How Deirdre McGlone of Harvey’s Point built a thriving rural business with no footfall

An idyllic getaway, situated just on the banks of the breathtaking Lough Eske in South Donegal, Harvey’s Point Hotel offers more than just your typical night away. In an unforgiving industry, it has built its success on repeat and return visits, word of mouth and glowing online reviews. However, with no substantial footfall and located deep in the local countryside, owner Deirdre McGlone has had to be smart about marketing and making sure the customer experience is key.

How Deirdre McGlone of Harvey’s Point built a thriving rural business with no footfall

Facing this challenge, Deirdre says the business has used its rural location to its advantage. 

“We have no passing trade so we have to reel them in. We have to really give compelling reasons to come to Donegal in the first place. In this busy world, people really need to escape and get away from it all."

Offering more than just your average hotel stay is intrinsic to the Harvey’s Point brand and it gives Deirdre a marketing unique selling point. 
Guests at Harvey’s Point can make their stay as relaxing or as action-packed as they wish, from walking tour guides around Lough Eske to beauty treatments and gourmet dining in the hotel. It makes selling the hotel as a renowned destination much easier and Deirdre is proactive about getting out to meet her potential customers. She even travels to the USA once or twice a year. 

She feels strongly that small businesses have to be tactical with their marketing spend to find their niche customers. 

“We don’t have a huge budget so we have to be tactical and we have to collaborate with partners like Donegal Tourism, Tourism Ireland, Failte Ireland and others in the industry. While our budget is never enough, we have to use it wisely to get our name out there.” 

While Deirdre understands the appeal for visitors of hotels based closer to the cosmopolitan city lights of Dublin, especially for international travellers, she’s also confident in the ability of Harvey’s Point to find its intended audience. 

“Ultimately the biggest part of our marketing is that every guest that leaves is an ambassador for us. We’re promoting the destination at all times. When I’m in the United States, we’re promoting Ireland firstly, the North West, the Wild Atlantic Way, then Donegal and only then after all that, Harvey’s Point. So it’s a collaborative effort” 

Harvey’s Point also has to compete as a family-run business against some global heavyweights, the large international hotel chains located across Ireland. She acknowledges this challenge with typical, honest candour.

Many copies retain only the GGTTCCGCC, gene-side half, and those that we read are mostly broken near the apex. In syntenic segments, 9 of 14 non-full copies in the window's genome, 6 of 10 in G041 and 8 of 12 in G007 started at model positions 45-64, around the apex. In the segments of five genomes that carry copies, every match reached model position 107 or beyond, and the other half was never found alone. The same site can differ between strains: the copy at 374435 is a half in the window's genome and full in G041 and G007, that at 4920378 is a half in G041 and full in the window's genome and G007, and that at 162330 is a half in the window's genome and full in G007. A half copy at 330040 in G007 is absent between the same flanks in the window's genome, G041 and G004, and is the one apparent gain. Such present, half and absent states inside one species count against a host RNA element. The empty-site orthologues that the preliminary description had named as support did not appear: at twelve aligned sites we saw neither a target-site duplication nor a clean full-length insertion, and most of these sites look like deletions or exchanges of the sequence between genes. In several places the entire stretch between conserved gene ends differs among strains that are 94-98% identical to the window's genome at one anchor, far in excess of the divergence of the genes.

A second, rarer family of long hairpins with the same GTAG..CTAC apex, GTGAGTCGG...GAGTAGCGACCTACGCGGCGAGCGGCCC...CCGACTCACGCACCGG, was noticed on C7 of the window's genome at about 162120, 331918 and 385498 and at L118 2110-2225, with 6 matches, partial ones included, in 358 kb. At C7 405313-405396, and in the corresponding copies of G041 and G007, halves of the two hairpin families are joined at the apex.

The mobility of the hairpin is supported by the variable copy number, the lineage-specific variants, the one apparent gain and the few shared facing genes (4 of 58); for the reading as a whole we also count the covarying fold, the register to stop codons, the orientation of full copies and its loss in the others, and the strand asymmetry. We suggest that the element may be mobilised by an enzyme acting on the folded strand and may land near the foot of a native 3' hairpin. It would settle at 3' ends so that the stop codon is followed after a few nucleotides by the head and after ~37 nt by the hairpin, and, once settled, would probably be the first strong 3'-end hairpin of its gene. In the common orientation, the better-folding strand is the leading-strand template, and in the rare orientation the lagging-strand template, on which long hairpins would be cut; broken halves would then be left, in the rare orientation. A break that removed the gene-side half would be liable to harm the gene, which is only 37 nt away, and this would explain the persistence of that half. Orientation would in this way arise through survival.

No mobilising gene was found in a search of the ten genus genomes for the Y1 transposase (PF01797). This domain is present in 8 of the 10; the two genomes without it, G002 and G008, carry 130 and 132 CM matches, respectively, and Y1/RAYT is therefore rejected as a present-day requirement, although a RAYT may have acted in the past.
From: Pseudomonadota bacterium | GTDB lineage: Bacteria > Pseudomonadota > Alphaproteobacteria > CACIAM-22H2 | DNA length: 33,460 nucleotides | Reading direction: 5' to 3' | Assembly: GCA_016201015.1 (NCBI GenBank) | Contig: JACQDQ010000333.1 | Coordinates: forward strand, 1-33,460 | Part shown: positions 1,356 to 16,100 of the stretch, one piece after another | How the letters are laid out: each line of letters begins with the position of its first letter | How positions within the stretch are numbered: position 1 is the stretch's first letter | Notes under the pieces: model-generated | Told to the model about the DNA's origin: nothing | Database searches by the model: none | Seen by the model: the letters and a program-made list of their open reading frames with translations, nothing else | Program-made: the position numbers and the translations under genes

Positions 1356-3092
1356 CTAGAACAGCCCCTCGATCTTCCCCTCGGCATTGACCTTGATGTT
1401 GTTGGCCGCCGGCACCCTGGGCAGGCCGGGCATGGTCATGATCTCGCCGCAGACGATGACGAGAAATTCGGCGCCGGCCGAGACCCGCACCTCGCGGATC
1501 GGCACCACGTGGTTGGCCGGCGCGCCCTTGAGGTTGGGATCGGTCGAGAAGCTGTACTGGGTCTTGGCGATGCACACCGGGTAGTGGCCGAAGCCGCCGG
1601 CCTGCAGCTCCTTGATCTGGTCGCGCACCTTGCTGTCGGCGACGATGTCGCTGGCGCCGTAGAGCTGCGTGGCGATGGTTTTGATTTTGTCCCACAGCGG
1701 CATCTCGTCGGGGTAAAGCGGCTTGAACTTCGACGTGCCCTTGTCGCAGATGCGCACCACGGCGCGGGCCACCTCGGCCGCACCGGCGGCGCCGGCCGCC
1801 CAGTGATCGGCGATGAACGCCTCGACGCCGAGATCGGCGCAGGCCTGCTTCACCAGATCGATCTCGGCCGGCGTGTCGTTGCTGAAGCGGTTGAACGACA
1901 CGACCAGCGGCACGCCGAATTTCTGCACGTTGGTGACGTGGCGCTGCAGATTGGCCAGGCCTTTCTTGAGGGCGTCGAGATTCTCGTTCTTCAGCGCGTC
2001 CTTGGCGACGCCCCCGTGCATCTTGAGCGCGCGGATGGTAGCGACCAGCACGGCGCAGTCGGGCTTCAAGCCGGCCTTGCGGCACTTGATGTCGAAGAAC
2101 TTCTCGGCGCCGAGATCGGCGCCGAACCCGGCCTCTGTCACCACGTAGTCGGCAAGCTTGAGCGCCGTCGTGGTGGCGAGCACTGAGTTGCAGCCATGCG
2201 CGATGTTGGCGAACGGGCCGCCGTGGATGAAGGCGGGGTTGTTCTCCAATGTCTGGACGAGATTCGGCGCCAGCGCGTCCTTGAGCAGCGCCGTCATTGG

“Certainly from a financial point of view the budgets aren’t there. In terms of group purchasing or group marketing, larger chains have more power and clout. With a family business, the biggest challenge is managing costs and overheads to stay afloat and then finding enough money to keep re-investing, because a family business can be vulnerable financially”. 

She’s also quick to point out the personal effects it can have too. 

“It can be quite lonely as well, and it can of course impact on your family life, so that’s another element that has to be considered. Smaller, family hotels have had a lot more challenges just to survive and to grow. It’s quite an uphill battle at times.” 

As someone who has worked at the heart of Donegal’s roaring tourist trade for the past 30 years, Deirdre is also keenly placed to observe the changes in the market over the last three decades. 

“Typically in Donegal years ago, when I was a child, people came to Donegal for two weeks. Now when they come from places like Northern Ireland, they only stay for two days. The season was much shorter then, but now you can’t maintain staff for just six weeks so the challenge is to fill the rest of the year, to make being open all year round sustainable and at least try and make it as profitable as possible.” 

And while seasonality has a huge effect on trade, remaining profitable is also dependent on keeping business costs down. With energy consumption being one of the most significant running costs for any hotel, Deirdre is aware of both the impact of energy and the importance of managing the costs. 

“At the end of the day, we are running this big sprawling hotel so it’s a big cost to us. We want all the lights on but we also want to make sure there’s awareness among the staff as to when they need to be switched off too. I know the impact that the lights make. Lights, to me, symbolise that Harvey’s Point is open for business.”


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